WINDOWS ARTICLES / EVERYTHING ABOUT MICROSOFT WINDOWS

Once a concern that was the province of the paranoid, years worth of reports and revelations have made it readily apparent that people really can spy on you through your webcam. Here’s why you should disable or cover yours.

about 2 months ago - by  |  39 Replies

It’s no secret that two monitors can improve your productivity, but not everyone needs a pair of screens all the time. If you find yourself in a situation where a second screen could be beneficial, however, you can easily make your Android device serve double duty.

about 2 months ago - by  |  11 Replies

With Windows 10’s Anniversary Update, Microsoft tightened the screws even further. But you can avoid the more restrictive driver-signing requirements by disabling Secure Boot.

about 2 months ago - by  |  10 Replies

A good set of fans can keep your computer from overheating, but they can also make your computer sound like a wind tunnel. Here’s how to control your PC’s fans for superior cooling when it’s working hard, and silence when it isn’t.

about 2 months ago - by  |  1 Reply

If you have a bunch of user accounts on your Windows PC that you don’t need anymore, it may be time to clean them out. Today we’ll take a look at how to delete a user account in Windows.

about 2 months ago - by  |  1 Reply

There are lots of tools out there for taking screenshots in Windows. However, you may not need to install a third party app. Snipping Tool, included in Windows Vista and later, allows you to take screenshots, as well as edit and annotate them.

about 2 months ago - by  |  16 Replies

Any time you have hard drive errors—or even strange behavior you might not at first associate with a hard drive—Check Disk can be a lifesaver. Here’s a full guide to using the Check Disk tool that comes with every version of Windows.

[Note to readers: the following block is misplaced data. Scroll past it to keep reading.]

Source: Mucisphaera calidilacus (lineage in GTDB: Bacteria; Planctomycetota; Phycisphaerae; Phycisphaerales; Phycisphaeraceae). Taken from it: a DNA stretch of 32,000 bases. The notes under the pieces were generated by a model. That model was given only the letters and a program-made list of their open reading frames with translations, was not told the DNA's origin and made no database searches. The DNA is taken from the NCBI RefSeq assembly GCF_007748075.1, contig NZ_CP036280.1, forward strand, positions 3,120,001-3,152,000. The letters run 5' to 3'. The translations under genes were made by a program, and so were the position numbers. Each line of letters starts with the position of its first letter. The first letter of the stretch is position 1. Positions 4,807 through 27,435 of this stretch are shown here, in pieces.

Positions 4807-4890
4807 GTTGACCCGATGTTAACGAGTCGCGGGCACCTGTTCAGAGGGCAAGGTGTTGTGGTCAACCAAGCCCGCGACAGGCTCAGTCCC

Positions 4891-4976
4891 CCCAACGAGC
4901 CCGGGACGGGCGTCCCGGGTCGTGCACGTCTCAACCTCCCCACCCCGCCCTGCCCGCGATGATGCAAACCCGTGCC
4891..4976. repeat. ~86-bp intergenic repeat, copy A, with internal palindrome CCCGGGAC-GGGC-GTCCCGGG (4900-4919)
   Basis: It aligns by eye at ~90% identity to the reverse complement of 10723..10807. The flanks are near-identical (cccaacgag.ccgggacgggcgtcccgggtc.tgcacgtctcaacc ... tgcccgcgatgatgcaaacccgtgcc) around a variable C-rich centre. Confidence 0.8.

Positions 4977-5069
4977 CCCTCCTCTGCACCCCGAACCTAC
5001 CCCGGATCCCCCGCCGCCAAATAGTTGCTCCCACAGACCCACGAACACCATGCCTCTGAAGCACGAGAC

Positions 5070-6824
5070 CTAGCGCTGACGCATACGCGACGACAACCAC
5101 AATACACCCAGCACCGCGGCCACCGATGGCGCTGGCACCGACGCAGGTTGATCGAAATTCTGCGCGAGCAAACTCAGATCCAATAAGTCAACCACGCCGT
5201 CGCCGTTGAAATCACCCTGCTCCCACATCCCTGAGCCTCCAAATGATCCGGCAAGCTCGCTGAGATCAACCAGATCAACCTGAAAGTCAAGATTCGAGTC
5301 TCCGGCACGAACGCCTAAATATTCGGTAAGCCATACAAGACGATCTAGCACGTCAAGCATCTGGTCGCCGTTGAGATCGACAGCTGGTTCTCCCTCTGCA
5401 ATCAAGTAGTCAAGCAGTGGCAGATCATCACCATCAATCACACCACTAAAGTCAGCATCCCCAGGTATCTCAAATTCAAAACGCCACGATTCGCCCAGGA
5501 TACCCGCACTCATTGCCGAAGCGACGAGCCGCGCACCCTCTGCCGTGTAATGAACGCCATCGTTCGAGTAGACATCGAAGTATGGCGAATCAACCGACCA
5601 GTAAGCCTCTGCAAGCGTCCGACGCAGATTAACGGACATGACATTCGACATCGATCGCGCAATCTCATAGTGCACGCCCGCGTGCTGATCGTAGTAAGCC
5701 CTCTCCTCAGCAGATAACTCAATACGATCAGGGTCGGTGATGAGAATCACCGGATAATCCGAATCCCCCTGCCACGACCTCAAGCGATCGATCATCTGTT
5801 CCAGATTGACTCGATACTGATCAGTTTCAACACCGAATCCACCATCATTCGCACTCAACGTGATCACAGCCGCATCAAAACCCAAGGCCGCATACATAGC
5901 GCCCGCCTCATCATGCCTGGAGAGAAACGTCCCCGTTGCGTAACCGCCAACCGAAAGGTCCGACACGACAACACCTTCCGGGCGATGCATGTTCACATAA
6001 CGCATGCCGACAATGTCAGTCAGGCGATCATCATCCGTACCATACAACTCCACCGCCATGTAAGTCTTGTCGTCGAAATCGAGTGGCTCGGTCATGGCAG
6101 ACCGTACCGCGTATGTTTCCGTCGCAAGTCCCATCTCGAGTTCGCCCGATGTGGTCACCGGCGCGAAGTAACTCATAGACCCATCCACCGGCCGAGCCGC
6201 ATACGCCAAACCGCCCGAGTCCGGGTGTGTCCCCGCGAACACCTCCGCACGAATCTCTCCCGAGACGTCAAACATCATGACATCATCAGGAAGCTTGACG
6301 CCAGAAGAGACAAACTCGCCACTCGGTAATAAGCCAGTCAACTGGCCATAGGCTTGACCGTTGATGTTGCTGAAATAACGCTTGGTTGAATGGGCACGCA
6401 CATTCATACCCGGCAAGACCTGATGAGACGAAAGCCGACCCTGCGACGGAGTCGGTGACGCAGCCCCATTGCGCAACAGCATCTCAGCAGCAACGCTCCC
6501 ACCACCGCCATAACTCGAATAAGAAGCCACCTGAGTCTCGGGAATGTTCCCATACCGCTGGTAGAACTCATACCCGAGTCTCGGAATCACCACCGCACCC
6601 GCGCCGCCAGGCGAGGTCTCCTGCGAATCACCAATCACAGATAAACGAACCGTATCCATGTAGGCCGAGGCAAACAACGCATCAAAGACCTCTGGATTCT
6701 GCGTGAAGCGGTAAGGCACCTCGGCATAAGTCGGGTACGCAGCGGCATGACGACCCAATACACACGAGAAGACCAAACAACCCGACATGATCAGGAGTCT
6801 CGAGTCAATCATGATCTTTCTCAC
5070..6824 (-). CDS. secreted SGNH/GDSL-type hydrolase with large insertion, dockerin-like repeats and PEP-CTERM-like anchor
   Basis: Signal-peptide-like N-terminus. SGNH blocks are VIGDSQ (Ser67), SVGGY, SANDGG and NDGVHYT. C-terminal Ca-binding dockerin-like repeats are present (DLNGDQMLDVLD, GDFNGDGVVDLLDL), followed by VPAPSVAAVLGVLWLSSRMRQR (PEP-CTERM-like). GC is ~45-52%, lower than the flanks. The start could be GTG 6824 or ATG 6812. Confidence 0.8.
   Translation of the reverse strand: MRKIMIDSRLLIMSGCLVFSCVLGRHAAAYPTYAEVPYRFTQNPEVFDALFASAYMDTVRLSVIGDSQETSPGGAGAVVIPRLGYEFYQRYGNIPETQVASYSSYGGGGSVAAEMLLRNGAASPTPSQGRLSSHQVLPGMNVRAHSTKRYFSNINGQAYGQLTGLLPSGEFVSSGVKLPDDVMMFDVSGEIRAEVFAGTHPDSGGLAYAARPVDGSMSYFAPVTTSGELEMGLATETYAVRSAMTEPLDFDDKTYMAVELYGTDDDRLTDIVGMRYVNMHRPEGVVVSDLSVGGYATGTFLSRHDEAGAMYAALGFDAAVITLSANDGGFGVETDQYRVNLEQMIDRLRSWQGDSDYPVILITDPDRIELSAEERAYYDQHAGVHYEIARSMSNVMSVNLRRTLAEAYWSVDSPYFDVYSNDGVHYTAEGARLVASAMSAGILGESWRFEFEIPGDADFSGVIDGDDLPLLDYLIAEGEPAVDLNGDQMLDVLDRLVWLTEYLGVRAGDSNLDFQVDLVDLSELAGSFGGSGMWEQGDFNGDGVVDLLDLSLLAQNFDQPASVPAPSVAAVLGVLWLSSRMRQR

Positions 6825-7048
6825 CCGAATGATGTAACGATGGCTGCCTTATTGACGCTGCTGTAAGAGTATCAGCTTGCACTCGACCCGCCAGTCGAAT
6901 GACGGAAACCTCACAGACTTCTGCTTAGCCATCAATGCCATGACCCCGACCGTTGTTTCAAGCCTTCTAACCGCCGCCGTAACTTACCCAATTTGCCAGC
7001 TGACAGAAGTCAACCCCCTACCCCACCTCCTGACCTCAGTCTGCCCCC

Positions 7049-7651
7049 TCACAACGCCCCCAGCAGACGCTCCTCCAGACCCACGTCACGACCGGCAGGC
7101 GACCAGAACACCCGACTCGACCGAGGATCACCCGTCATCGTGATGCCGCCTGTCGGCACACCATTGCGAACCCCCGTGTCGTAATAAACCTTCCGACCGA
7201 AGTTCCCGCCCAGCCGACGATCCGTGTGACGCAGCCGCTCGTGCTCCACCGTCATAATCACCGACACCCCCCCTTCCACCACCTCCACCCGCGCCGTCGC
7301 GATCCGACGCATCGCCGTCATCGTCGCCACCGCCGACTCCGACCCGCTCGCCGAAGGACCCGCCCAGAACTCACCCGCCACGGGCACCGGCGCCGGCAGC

about 2 months ago - by  |  8 Replies

If you’ve tampered with your Chromebook—to install Windows on your Chromebook, for example—you may have replaced its BIOS with a third-party option. Here’s how to roll all your changes back and turn that Windows or Linux PC back into a Chromebook.

about 2 months ago - by  |  1 Reply

If you have multiple user accounts on your computer, you might find it annoying to have to click on the icon for your username each time you start up the computer. To remedy this problem, you can hide a user account with a registry hack.

about 2 months ago - by  |  1 Reply

By default, using the Windows+L key combination locks Windows, so you have to re-type your password to use the computer. If you find yourself occasionally hitting that combination by accident—and you don’t really have a need to lock Windows—here’s how to disable it.

about 2 months ago - by  |  1 Reply

On modern versions of Windows, you’ll see a “ProgramData” folder on your system drive—usually the C:\ drive. This folder is hidden, so you’ll only see it if you show hidden files in File Explorer.

about 2 months ago - by  |  2 Replies

Switch to a new operating system and there are all sorts of little difference to get used to. The way macOS sorts folders and files is one of those things for migrating Windows users.

about 2 months ago - by  |  1 Reply

Gamers are accusing NVIDIA’s new drivers of spying on you, collecting more data with new telemetry services. But NVIDIA isn’t spying on you—or, at least, NVIDIA isn’t gathering more data than it already was, and most of that data is required for it to work properly.